“You don’t have to go through with this, Kit,” Marcus said from across from me.
I ignored him, my face turned away so that I could stare out at the night-drenched scene beyond the carriage window. The lamps that lined the boulevard outside our London residence had been lit just as the dying rays of the setting sun turned the western sky into an ugly, mottled bruise. Now that full dark had fallen, their flickering light fell in lambent pools on the cobblestones, bathing the street in variegated hues of orange and amber.
My twin leaned forward, closing the distance between us to pluck my gloved hand from where it rested on my knee and press it between his own. “Kit,” he said, his tone pleading.
I couldn’t bring myself to look at him. “What choice do I have, Marcus?” I said, my voice barely audible over the rattling of the wheels.
“You could flee instead. I could use my allowance to set you up somewhere in the country. A nice little stone cottage with a garden. You’d like that, wouldn’t you?”
I barked a humorless laugh. “Father would know you had helped me escape,” I said. “He would cut you off. He would bribe anyone who agreed to help us. Sooner or later, he would find me.”
And God help me when he did.
I loathed that I even had to explain this to my brother. Once upon a time, we had been inseparable. Had known each other’s every secret. It had felt like we shared one soul between us. So much had changed since then.
Even though we were both eighteen, Marcus seemed so much younger than me, forever underestimating the man who had sired us, because, though he had heard some of the stories from my own lips, he hadn’t been there. He hadn’t seen with his own eyes all the things that I had. Father and Grandmother had been on their best behavior whenever he came home from Eton, because they knew he would go back, that he might tell someone what he saw. And that person might listen to him. Unlike me and Amelia, who were trapped there, who were girls, whose word no one would believe over a lord’s.
This was like Mother’s death all over again. What would it take to make Marcus understand? The full truth, perhaps? About the letter he had received from Grandmother the day before her death and why he and Father had arrived home to find her dead and not me?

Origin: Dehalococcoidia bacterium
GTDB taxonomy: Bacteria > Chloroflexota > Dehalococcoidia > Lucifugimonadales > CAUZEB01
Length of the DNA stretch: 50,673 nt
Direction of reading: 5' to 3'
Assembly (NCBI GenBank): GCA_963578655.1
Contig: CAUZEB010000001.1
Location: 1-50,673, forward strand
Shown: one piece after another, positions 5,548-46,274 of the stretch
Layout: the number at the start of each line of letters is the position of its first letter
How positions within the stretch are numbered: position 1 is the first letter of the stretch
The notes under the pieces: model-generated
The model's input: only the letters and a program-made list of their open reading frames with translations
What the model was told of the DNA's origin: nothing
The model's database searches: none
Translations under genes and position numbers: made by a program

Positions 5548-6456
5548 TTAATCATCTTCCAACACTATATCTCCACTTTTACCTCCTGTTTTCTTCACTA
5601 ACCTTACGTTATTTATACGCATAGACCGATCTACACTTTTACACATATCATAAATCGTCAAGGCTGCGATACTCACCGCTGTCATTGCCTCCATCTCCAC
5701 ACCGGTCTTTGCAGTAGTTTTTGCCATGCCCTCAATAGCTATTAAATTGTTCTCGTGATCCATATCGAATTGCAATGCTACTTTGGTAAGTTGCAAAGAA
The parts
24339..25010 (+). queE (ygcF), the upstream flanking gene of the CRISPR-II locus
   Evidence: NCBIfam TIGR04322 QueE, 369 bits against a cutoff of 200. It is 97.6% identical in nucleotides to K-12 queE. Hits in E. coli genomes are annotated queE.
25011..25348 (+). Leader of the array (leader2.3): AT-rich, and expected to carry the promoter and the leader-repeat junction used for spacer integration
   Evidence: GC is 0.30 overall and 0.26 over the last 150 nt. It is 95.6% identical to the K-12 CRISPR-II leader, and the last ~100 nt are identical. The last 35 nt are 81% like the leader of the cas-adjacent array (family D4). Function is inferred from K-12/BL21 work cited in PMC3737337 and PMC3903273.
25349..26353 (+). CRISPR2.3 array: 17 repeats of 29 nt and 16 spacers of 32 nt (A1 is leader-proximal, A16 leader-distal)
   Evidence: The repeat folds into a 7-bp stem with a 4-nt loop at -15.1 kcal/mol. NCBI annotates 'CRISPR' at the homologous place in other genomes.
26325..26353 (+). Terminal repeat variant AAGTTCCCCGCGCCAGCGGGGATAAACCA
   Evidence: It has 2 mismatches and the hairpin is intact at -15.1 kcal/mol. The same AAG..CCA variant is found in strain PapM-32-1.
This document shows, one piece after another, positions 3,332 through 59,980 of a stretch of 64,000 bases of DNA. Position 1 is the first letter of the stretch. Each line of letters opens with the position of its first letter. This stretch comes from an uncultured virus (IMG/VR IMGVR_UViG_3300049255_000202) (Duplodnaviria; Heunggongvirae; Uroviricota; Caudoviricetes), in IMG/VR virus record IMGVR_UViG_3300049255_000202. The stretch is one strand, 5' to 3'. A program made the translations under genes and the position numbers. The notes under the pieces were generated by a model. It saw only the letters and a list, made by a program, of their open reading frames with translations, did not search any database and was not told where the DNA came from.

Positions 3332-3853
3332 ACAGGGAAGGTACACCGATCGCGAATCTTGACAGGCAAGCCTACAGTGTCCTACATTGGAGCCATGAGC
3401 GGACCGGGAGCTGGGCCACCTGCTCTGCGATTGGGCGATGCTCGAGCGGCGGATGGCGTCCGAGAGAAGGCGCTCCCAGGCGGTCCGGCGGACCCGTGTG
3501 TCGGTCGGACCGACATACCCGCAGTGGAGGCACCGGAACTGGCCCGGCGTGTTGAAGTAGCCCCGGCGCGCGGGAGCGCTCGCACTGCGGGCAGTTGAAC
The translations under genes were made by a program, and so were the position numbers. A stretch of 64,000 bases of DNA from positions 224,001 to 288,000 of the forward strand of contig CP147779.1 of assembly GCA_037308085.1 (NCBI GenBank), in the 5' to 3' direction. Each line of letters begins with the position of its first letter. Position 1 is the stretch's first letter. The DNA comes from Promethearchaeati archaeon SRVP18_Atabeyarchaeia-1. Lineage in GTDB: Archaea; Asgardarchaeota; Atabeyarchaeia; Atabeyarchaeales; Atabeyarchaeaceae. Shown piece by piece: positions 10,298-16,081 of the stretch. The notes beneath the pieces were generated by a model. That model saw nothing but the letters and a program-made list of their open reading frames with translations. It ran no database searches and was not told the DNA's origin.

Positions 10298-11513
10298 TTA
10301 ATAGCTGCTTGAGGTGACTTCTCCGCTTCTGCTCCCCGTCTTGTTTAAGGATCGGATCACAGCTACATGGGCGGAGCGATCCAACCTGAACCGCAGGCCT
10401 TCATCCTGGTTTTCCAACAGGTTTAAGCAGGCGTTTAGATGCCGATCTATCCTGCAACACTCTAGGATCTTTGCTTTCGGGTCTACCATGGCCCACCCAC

The memories made my fingers tremble; the first sign that an attack was on its way. I wrenched my hand from Marcus’s before he could notice, and then did my best to shove all recollection of the past four years into the darkest corner of my mind. I had survived them, that was what was important.
“There has to be some way out of this,” Marcus said, almost as if to himself.
My gaze snapped to his then, anger burning in my chest. “There’s not. I’m his daughter. His property. He’s free to pass ownership of me to whomever he chooses.”
We had both inherited some part of our father’s temper, and Marcus’s rose up then to meet my own. “So you’re just going to give up? Let him marry you off to that wretch?”
I stared at him a moment before responding, watching the ebb and flow of shadow and light play across features screwed up in anger. He was my brother. My twin. The person I was closest to in this world, regardless of the distance that had grown between us. Regardless of the secrets I must keep from him. At times, the good times, the times when he startled laughter out of me and made me momentarily forget why I so seldom laughed anymore, I still felt as though we might share a soul. And yet, he was also male. The years I had spent pinned beneath our grandmother’s thumb, he had spent at Eton. Learning. Making friends. Having adventures. He was free in a way that I never would be. He would inherit our father’s fortune and title, his properties and the people who lived on them. Perhaps, one day, despite his insistence to the contrary, he would even be passed ownership of a woman.
Sometimes I feared I hated him as much as I loved him.
My jealousy was bitter on my tongue when I finally spoke. “I didn’t say that I was giving up.”
“Tell me what you have planned. I can help you, Kit. I want to help you,” he said, his expression quickly morphing from anger into concern.
He was changeable like that; emotional like our father, only without the extremes and the eventual violence. I was less so, my anger at times feeling like my constant companion. I did my best now to stifle it, for this was just the type of declaration that I had been hoping to exploit.
“Fine then. Tonight, after the ball, you’ll return home with me,” I said. He had a habit of seeing me as far as the carriage and depositing me into the protection of our servants, leaving him free to pursue whatever pretty face had caught his eye that evening.
“I will,” he said.
“And then you’ll tell me every intimacy that can take place between a man and a woman, and which ones might lead to impregnation.”
He frowned at me. “I’ve only ever been with men, Kit. You know that.”
“What I know is that your knowledge on the subject must still be greater than my own. The maids I’ve tried to bribe into talking to me have all been too afraid of Father to take the risk, so my education has been relegated to the few books I’ve managed to thieve from Aunt Jane’s library. They’re frustratingly vague. What you don’t know, surely you can find out from friends, or even the bloody footmen for that matter.” It was my turn to lean forward now, forcing him to meet my gaze. “And after that, you can find out every form of contraception that I could possibly procure. And if those don’t work, you’ll find someone to rid me of the child I might one day be forced to carry.”
My brother’s eyes widened with shock. “Kit, I…”
I lunged forward and grabbed his free hand, terror making my voice tremble when I spoke. “Do not let me die like her, Marcus.”
His features crumpled as he closed the distance between us to wrap his arms around me and pull me from my seat to his. “Never. I’ll do anything,” he whispered into my hair.